I’m not good at chucking sickies.

In fact, it’s fair to say I fail where thousands of other Aussies excel.

A survey by software company TSheets revealed his week that only 52% of workers taking sick leave were really ill, while 40% admitted to taking a sickie.

There has never been research conducted about CEOs faking it for a day off. Probably because most don’t. While it’s no secret company leaders can be stricken with stress and plagued by loneliness, taking random sick leave to do something else they’d prefer is rare. After all, what else would they rather do than work?

Their intrinsic personalities drive them to achieve and, as published in the Harvard Business Review, their number one fear is being discovered to be incompetent. And what better way to be exposed than to have some young hot shot, who’s been snapping at their heels, dazzle the corporates with sheer awesomeness while they’re off sipping lemon and honey?

A good CEO will also care about the time and effort put in to arrange a complex meeting, organise flights and accommodation, and compile notes and agendas. A great CEO hates to let people down. A no-show is an epic fail.

And then, of course, there is FOMO. CEOs, like teenage girls, suffer from the fear of missing out. Their instinct is to be in control, to fire the shots, to have their finger on the pulse. They live to work, not work to live.

As a contractor, I no longer have access to sick leave, but even when I did, I sucked at taking it. Genuine or not.

The one and only time I attempted to call in sick, when feeling more fed up than ill, I floundered dismally in a strategy far more deathlike than me.

Charged with nerves and feelings of guilt, I called the boss – quaint I know, but being old-school, a text didn’t cut it for me. There followed a two-minute monologue in my best and over-rehearsed, croaky voice, describing in detail how crook I was.

Instead of keeping it simple and sounding just a little snuffly, I feigned an illness as elaborate as Ebola. Coughing and spluttering into the phone, I delved so heavily into gory minutiae that had I really been that ill I would have been quarantined.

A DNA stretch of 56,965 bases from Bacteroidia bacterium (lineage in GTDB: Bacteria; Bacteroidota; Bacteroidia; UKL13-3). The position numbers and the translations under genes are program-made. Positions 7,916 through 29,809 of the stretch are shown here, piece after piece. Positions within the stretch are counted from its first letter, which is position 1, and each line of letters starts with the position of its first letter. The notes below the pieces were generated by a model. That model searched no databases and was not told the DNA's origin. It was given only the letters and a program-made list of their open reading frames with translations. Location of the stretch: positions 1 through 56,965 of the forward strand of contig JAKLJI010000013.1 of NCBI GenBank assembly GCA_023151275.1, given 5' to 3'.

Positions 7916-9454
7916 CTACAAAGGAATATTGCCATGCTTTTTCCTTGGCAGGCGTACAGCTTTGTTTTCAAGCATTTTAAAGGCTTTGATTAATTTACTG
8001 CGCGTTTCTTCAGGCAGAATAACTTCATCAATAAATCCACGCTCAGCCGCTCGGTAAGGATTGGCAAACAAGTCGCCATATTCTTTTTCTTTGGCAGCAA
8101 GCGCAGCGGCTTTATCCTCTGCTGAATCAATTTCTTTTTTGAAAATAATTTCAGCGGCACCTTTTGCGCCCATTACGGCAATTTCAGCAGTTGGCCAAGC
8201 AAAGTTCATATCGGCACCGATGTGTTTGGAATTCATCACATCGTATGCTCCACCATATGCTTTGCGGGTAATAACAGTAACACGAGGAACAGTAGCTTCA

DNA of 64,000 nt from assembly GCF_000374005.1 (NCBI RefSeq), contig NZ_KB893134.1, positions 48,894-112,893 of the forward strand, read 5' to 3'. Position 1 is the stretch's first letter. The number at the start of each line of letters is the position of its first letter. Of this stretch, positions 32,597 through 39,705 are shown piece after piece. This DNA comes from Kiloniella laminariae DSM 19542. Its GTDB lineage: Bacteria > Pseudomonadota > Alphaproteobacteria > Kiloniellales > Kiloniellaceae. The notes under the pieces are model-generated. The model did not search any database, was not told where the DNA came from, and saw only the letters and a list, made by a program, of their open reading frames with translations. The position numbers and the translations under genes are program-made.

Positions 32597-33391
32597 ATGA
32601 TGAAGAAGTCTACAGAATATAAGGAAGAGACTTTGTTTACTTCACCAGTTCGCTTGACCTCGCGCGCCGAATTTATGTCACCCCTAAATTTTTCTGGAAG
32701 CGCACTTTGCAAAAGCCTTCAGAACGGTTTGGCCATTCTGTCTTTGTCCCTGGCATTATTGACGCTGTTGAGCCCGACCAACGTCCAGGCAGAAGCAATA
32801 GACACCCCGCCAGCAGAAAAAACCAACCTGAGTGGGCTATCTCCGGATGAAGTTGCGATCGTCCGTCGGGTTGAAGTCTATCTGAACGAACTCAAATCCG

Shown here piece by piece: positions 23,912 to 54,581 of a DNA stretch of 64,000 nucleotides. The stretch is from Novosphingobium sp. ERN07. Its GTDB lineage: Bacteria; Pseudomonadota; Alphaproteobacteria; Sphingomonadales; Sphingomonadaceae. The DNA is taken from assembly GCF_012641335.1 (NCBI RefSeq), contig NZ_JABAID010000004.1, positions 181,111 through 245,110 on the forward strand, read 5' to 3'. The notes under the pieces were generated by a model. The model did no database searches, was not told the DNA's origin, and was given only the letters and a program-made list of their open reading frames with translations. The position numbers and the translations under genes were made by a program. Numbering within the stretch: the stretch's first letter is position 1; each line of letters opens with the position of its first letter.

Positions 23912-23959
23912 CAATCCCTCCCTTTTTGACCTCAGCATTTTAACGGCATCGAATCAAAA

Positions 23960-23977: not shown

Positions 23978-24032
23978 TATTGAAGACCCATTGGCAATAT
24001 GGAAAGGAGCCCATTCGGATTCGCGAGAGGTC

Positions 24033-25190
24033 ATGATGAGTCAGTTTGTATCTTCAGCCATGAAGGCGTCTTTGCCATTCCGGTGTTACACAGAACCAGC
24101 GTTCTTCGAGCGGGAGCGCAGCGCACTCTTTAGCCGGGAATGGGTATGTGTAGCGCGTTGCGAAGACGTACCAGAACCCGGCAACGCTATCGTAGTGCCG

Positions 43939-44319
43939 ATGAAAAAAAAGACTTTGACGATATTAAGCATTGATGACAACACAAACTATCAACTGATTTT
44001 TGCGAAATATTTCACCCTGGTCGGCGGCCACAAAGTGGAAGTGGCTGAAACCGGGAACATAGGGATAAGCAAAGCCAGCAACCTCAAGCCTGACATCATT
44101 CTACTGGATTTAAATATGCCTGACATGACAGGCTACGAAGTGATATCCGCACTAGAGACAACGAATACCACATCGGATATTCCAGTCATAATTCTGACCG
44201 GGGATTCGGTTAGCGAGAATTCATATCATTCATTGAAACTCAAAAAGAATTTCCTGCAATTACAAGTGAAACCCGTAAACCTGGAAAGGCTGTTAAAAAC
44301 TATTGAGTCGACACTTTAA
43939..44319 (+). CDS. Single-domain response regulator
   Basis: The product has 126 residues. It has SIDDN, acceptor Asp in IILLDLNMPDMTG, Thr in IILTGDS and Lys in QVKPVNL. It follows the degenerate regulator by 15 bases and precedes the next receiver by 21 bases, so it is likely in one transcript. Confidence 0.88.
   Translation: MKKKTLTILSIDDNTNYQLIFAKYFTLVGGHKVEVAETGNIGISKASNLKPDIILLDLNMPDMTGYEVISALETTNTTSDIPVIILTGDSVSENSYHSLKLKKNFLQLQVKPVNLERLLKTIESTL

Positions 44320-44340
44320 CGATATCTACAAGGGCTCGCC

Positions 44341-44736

The problem was that the more I rabbited on, trying to convince him I was sick, the less I stayed in character. My croakiness waned, my spluttering became intermittent and it wasn’t long before I was bouncing along in my regular chatty tone, remarkably fine.

By the end of my Oscar-winning performance, I knew he knew the game was up.

Cornered, I tried the martyr approach and feebly offered to come in, to which my savvy boss responded with his own award-winning role and suggested in his best syrupy tone that I stay home and ‘rest up’.

Of course, there are other, more common excuses I could have used. Feigning a relative’s death is popular but, in my case, not practical. My boss knew I wasn’t flush with family members, so unless I knocked off my daughter or household pet, that excuse wouldn’t wash.

I was renowned for never getting a headache and had never complained of back pain. A sprained ankle would have required me to hop around the office for the next week, while tonsillitis would call for whispering, something way beyond my capacity.

Instead, I over-egged the pudding to prove my malaise and dug myself into a hole. Rather than spending my day smugly luxuriating in bed reading trashy mags and watching Dr Phil, I stressed over how sick I would have to appear the following day when I returned to work. Indeed, could I return so soon having given the impression I was nearly dead?

I never chucked another sickie. It made me ill just thinking about it.

Talkback

Have you taken a sickie? What was your excuse? Did it ever backfire, leaving you caught out?